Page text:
Demand for new cars grew by 1.7% last month compared with lockdown-hit November 2020 but the automotive industry issued a warning about the market’s “weakness”.
The Society of Motor Manufacturers and Traders (SMMT) said 115,706 new cars were registered in the UK last month.
Although that halts four consecutive months of year-on-year decline, the total was 31.3% down on the pre-pandemic five-year November average.
Battery electric vehicles represented nearly a fifth of the new car market last month.
SMMT chief executive Mike Hawes said: “What looks like a positive performance belies the underlying weakness of the market.
“Demand is there, with a slew of new, increasingly electrified, models launched but the global shortage of semiconductors continues to bedevil production and therefore new car registrations.
“The industry is working flat out to overcome these issues and fulfil orders, but disruption is likely to last into next year, compounding the need for customers to place orders early.
“The continued acceleration of electrified vehicle registrations is good for the industry, the consumer and the environment but, with the pace of public charging infrastructure struggling to keep up, we need swift action and binding public charger targets so that everyone can be part of the electric vehicle revolution, irrespective of where they live.”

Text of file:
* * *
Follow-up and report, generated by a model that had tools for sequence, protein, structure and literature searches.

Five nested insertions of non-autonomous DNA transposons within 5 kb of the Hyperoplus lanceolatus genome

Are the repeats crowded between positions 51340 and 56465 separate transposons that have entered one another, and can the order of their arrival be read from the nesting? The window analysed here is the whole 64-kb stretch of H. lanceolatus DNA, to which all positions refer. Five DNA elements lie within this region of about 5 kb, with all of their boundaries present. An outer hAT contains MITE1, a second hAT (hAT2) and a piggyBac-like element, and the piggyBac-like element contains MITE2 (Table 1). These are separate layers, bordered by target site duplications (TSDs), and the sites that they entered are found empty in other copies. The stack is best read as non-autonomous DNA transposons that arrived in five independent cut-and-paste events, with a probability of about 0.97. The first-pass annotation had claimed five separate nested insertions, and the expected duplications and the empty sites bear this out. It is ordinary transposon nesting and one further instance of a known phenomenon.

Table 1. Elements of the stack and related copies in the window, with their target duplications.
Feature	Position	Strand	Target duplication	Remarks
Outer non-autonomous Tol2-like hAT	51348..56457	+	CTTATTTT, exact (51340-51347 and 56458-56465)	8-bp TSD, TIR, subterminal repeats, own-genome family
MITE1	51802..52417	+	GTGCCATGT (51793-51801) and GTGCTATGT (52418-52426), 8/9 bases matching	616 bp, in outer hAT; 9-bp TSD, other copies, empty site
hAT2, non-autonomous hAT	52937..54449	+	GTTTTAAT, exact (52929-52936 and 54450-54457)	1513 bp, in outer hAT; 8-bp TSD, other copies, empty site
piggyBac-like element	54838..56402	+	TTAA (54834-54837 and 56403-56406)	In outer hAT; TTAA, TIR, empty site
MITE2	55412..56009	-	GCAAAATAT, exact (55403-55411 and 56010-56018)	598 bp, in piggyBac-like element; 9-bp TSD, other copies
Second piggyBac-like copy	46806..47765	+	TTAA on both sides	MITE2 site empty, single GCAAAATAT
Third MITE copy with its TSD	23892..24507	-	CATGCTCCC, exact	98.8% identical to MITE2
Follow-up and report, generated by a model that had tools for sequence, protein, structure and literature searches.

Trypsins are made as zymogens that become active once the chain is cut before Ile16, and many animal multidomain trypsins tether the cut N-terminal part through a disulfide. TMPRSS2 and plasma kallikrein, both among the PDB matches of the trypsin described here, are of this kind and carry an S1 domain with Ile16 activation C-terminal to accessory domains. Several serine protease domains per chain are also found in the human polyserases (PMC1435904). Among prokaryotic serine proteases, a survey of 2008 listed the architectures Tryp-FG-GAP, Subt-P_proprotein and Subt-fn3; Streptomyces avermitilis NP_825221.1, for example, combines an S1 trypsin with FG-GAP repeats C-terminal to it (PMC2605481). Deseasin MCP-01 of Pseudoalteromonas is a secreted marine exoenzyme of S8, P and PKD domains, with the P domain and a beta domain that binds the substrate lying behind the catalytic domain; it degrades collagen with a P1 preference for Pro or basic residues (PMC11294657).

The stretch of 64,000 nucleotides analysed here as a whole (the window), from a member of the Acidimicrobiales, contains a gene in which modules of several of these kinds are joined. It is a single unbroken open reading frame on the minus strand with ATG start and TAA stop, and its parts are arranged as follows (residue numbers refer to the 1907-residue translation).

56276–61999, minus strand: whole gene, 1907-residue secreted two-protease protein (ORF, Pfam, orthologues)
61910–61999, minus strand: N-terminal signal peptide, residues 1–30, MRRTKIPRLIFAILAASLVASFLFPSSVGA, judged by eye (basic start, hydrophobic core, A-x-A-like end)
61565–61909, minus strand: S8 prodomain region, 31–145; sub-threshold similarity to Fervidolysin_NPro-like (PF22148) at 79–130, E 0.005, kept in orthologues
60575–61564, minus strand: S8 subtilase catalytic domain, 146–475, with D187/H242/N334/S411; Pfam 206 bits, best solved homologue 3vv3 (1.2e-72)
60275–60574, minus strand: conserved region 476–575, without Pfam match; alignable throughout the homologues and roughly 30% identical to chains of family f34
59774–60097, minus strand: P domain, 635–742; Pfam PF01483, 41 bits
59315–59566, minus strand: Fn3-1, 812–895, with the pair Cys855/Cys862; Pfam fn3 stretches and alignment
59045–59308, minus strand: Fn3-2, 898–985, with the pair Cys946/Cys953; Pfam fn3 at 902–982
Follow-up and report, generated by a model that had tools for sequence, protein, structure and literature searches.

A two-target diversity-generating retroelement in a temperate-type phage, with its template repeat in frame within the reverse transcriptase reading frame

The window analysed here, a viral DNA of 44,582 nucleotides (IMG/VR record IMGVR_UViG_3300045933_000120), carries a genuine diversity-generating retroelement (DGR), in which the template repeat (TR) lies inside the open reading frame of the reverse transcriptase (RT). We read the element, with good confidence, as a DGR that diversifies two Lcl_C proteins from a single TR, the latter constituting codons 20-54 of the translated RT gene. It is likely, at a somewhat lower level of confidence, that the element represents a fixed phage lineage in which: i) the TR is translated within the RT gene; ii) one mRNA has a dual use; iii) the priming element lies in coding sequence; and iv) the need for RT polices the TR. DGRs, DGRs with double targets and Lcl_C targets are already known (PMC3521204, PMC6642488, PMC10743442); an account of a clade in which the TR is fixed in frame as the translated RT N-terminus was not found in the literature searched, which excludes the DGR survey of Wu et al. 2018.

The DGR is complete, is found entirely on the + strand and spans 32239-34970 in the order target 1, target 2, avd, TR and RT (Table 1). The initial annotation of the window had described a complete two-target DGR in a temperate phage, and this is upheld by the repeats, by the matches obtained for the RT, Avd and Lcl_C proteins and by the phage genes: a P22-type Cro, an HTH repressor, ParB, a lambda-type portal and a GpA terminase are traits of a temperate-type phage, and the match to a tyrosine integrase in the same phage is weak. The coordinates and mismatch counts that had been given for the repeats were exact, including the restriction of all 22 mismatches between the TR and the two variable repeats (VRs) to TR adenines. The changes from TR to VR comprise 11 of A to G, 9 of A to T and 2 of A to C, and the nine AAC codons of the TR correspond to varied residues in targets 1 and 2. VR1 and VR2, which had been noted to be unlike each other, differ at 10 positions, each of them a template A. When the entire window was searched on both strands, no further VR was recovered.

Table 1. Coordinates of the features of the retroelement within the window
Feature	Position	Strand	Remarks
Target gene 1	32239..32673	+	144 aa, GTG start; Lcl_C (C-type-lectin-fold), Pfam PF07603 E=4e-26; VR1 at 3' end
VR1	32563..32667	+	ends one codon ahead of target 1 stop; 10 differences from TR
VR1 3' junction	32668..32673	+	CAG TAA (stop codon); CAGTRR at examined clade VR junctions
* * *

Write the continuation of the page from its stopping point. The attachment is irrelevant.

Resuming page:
Ian Plummer, commercial director at automotive classified ad firm Auto Trader, said the slight uptick in new car sales in November was “not a sign that the new car supply issues are beginning to ease”.
He went on: “The majority of November’s registrations will have been pre-ordered months ago.
“In reality, the global shortage of semi-conductors is still being keenly felt at the forecourts, holding back sales to a level well below the very strong underlying demand we continue to see.”
Richard Peberdy, UK head of automotive at professional services firm KPMG, said it is “reassuring for the industry” that demand for new and used vehicles “continues to outpace car supply”.
Alex Buttle, co-founder of used car marketplace Motorway.co.uk, described the popularity of electric vehicles (EVs) as “a ray of light for the new car industry”.
He said: “People are embracing the idea of early switching.
“With further Government investment into infrastructure supporting EVs on the cards, these numbers will continue to rise in 2022.”
Ben Nelmes, head of policy and research at green motoring consultancy New AutoMotive, said the growth in electric car sales “poses a conundrum for ministers”.
The Government is proposing to require vehicle manufacturers to sell a certain percentage of zero-emission cars and vans from 2024 under plans to reach net zero carbon emissions.
Mr Nelmes warned this must “not become a cap on ambition”.